This hasn’t gotten a lot of attention outside of the business press, but Canwest has reached multi-million-dollar settlements with freelancers who have sued the company over what they argue are unauthorized uses of their works in electronic databases.
One of the settlements is with Heather Robertson, who leads a rather massive class action lawsuit against a bunch of publishers, and whose case reached the Supreme Court of Canada – and a decision in her favour, which led to the Globe and Mail settling. The case is still pending against other defendants, including ProQuest, Torstar and Rogers.
You can read the Robertson settlement here (PDF).
The other settlement is with a group called the Electronic Rights Defence Committee, which is a group of Gazette freelancers suing Canwest over the same issues, and which had only gotten class-action status last year.
The settlements are valued at $7.5 million and $9 million respectively, but the amount of cash actually distributed will likely come down as Canwest continues to go through restructuring under creditor protection.
The freelancers can thank this process for pushing these ancient cases forward. As the court-appointed monitor overseeing the restructuring put it in his report on the Robertson case (PDF):
The Settlement Agreement greatly reduced a large claim against the LP Entities and the resulting uncertainty to the CCAA Proceeding and facilitated the approval of the Amended AHC Plan by the requisite majority of stakeholders at the Creditors’ Meeting, which approval is vital to the successful restructuring of the LP Entities.
In the Robertson case, the original claim was for $500 million. In the ERDC’s case, $33 million.
Because the restructuring process requires settling outstanding claims, the freelancers’ lawsuits became an issue that it was easier to deal with quickly than fight.
The ERDC estimates it has about 800 writers in its class, which would work out to $11,250 each. This is above the $1,000 limit set for small creditors, which means they would not be getting cash payments in full, but an option for less cash or shares in the new company. The ERDC says it will hold that cash or stock in trust until the distribution is complete.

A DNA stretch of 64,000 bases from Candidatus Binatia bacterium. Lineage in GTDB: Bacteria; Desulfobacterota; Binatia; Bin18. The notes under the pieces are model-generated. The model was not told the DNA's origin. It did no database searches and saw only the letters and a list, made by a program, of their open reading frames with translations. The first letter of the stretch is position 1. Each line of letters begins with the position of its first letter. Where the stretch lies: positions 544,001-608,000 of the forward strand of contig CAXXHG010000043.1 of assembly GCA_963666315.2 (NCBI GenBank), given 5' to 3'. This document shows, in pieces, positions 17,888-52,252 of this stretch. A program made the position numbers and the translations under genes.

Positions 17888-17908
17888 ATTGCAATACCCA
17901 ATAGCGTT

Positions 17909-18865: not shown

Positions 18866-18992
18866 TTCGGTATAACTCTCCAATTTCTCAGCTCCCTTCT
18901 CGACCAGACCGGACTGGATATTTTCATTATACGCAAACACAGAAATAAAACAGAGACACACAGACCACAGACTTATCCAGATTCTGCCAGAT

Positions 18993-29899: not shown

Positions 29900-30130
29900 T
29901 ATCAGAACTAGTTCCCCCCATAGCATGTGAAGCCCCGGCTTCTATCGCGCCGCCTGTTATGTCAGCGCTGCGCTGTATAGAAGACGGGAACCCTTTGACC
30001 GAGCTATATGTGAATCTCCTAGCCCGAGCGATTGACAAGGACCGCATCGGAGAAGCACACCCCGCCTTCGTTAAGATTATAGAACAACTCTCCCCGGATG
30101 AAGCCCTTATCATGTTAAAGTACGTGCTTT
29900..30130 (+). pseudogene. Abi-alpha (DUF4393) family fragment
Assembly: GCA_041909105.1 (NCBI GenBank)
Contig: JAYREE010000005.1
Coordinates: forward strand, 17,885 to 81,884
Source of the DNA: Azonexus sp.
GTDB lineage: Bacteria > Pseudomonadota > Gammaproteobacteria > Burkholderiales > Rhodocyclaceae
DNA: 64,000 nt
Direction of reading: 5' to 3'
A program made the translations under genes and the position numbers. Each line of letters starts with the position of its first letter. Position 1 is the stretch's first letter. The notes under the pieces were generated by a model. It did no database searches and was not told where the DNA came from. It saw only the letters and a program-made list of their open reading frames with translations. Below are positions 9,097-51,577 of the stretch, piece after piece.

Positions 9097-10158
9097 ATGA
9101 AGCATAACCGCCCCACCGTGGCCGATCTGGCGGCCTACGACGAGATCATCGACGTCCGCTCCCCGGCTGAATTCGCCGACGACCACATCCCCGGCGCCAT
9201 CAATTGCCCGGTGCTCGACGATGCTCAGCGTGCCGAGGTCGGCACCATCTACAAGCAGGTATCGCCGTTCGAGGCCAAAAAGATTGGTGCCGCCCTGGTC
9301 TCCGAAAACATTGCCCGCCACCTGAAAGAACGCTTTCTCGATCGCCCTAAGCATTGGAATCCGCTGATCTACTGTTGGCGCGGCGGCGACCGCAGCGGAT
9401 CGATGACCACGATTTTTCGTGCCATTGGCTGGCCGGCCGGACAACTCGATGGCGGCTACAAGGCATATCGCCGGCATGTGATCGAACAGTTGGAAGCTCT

The settlement also would grant Canwest and its subsidiaries all the rights the freelancers were fighting to protect. In exchange for the cash, Canwest gets rights to use all articles submitted by all freelancers for whatever purpose it wants, including online publication or electronic archiving.
This means one of the primary goals of the ERDC, to render void these we-take-all-your-rights contracts that Canwest and others are forcing new freelancers to sign, will not succeed. Those freelancers who have signed such agreements, allowing Canwest to use their contributions for electronic media, are not considered part of the settlement group.
Players in the ERDC, including chair Mary Soderstrom, have kept quiet (except to announce the deal and promise more later) until the settlement reaches its final approval.
UPDATE (June 28): The ERDC has released a statement:
“We are pleased that freelance writers will eventually receive some compensation for their work used electronically, and that the other side explicitly acknowledges ‘the importance of protection of electronic rights and fair compensation for the electronic dissemination of content’,” said ERDC President Mary Soderstrom. “But we regret strongly that it has taken 13 years to get to this point, and that, because of the protection against creditors proceedings, freelancers will receive amounts much less than the face value of the settlements.”
She added that the ERDC also continues to maintain that contracts which freelancers have been forced to sign with The Gazette and Canwest are unfair.
A slight moral victory, I guess, though kind of empty if Canwest’s freelancing contracts can still demand all these rights at no extra charge.
Those who want to opt out of the class-action settlement have the chance to do so, although I can’t imagine why they would.